Fashion Pets

Wonder Bread Dog Costume

December 5, 2020

Why is our dog a loaf of bread for Halloween? Her name is Muffin and she adores naps and just to loaf around the house. She can flop down for naps anywhere: on top of shoes, on our end table, on the stairs… she just loafs where she pleases! She loafs around so much that we call her “Muffin Loaf”. Naturally, a loaf of bread is a perfect costume for her and Wonder bread brand is the most iconic! 

My goal was to have her tail as the plastic “tie end”. I thought about using nylon fabric for the dots and logos so I tested this fabric with “steam-a-seam” iron-on web backing but heat transfer vinyl looked neater and was smoother and flatter on the neoprene. 

Materials:

  • 1 yard of 1.5mm Neoprene Scuba Stretch Fabric in White from Fabric.com or Amazon. This was the perfect weight to add structure and the Heat Transfer Vinyl logos and dots adhered beautifully to this fabric. 
  • Red, yellow and blue Heat Transfer Vinyl. I used the Cricut “playground” pack from Amazon and the colors were perfect. Need at least 2-3 sheets of each color.
  • Pellon Vinyl Fuse to overlay over the neoprene fabric to create a shiny/plastic look. This was very easy to iron and looks fantastic over the viny/neoprene.
  • 1/2 yard of clear plastic fabric from Joanns.com or Amazon. I used the thinnest clear plastic that I could find.
  • Velcro tape for the straps.
  • A Teflon foot for your sewing machine or tissue paper to help sew the clear plastic vinyl smoothly. This special foot helps the plastic to not stick to the machine while sewing. You can also use tissue paper on the top and bottom of the plastic to help guide the fabric and then tear away after sewing. 
  • Fishing line to gather plastic fabric. I use clear 30 or 40lb weight monofilament fishing line from Amazon
  • [optional] Cording or beading Foot. This is my favorite sewing machine foot for gathering fabrics. Be sure to get the correct foot for your machine. 

Construction Steps:

  • Create a mockup for fit. My goal was to have her tail as the plastic “tie end” but I needed to know exactly where her tail would start. I roughly measured Muffin’s back and sides to create a rectangle shape. I created a mockup using scrap fabric and used a sharpie to draw where the straps and tail plastic would go. The basic pattern shape is a rectangle with straps around the neck, under the belly and a triangle piece for the tail.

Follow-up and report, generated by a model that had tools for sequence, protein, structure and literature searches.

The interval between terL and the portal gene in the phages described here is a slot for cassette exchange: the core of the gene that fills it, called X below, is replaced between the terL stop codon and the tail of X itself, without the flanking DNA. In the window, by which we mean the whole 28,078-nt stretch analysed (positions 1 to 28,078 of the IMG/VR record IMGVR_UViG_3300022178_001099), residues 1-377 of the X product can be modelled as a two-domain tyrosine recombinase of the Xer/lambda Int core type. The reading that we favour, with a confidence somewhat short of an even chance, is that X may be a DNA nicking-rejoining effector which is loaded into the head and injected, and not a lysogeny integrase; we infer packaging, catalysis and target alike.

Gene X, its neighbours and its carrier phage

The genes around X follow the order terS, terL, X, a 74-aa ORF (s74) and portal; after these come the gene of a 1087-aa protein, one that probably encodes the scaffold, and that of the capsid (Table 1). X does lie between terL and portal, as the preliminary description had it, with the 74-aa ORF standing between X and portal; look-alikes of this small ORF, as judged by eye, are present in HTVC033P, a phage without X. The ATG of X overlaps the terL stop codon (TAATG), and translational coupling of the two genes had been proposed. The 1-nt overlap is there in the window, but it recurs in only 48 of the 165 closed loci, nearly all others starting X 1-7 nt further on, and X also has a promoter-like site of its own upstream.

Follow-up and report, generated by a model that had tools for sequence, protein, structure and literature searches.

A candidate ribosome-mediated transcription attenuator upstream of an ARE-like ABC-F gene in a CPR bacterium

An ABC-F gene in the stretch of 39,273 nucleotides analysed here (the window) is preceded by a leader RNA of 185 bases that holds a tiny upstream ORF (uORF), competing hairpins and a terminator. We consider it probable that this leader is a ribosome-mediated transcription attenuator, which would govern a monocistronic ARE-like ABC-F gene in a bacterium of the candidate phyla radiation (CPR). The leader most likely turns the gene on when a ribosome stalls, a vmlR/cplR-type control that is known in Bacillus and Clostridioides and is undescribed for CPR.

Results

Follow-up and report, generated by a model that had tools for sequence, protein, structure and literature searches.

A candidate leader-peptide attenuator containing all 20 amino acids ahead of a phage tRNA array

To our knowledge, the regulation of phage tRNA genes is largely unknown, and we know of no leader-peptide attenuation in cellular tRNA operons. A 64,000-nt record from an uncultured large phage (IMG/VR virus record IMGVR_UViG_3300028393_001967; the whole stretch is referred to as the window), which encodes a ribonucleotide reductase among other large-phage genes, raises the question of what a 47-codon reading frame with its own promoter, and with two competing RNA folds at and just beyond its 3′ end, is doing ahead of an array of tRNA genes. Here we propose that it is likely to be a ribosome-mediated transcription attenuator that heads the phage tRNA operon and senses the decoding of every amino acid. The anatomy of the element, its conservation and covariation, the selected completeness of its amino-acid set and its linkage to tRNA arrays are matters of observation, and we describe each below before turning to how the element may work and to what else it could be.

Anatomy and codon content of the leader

• Create the gathered plastic tail. This was the most difficult part. I transferred my mockup circle markings to the clear plastic vinyl. I used scissors to cut and “X” inside the circle right up to the marking. I cut an 8in tall by the width of fabric strip (the longer the strip, the more full your plastic tail will be). I gathered the long end of the strip using my handy dandy gathering method using fishing line and a cording/beading foot. Click to see my tutorial on gathering fabrics to fit a specific length. Once I have my plastic gathered, I move the fabric along the fishing line to fit the circumference of the hole. I then used sewing clips to hold the plastics right sides together and sew along my original marking. I then trimmed the inside of the circle and the seam allowance. The plastic cuts easily with scissors to trim down the tail. as needed. 
  • Adding the logos to the neoprene fabric base. The logos were digitized in my free Silhouette software. Click here to download the .studio file of the logo and the dots (this design is already mirrored for heat transfers). You may need to resize it to your needs. I cut the three colors of heat transfer vinyl on my silhouette machine using the suggested cut settings. After weeding the image of unused material, I ironed on the colors one at a time using the synthetic setting of my iron. It required heavy pressure and multiple passes to get a good adhesion before removing the clear protective layer.
  • Add fusible plastic layer. Once the design was ironed down, I ironed a sheet of fusible plastic on top of the design to give it that plastic look. 
  • Sew the layers. The basic pattern is a rectangle with two seams to make the sides. I folded the sides inward and sewed a 1/4 inch seam on the inside crease to make the sides of the loaf. I also lined mine with another layer of neoprene to make it extra puffy but this is not necessary since the edges of the neoprene don’t fray when cut with scissors. You can also sew bias binding around the edges if you are concerned about sharp plastic edges. I sewed the straps to the edges of the outer fabric and tucked them towards the center before I sewed the lining on top with right sides together. I left a 3-inch hole in the stitching so I could turn the costume right side out. Once turned, stitch up the hole. I also topstitched around the top layer.
  • Sew the velcro to the straps. 

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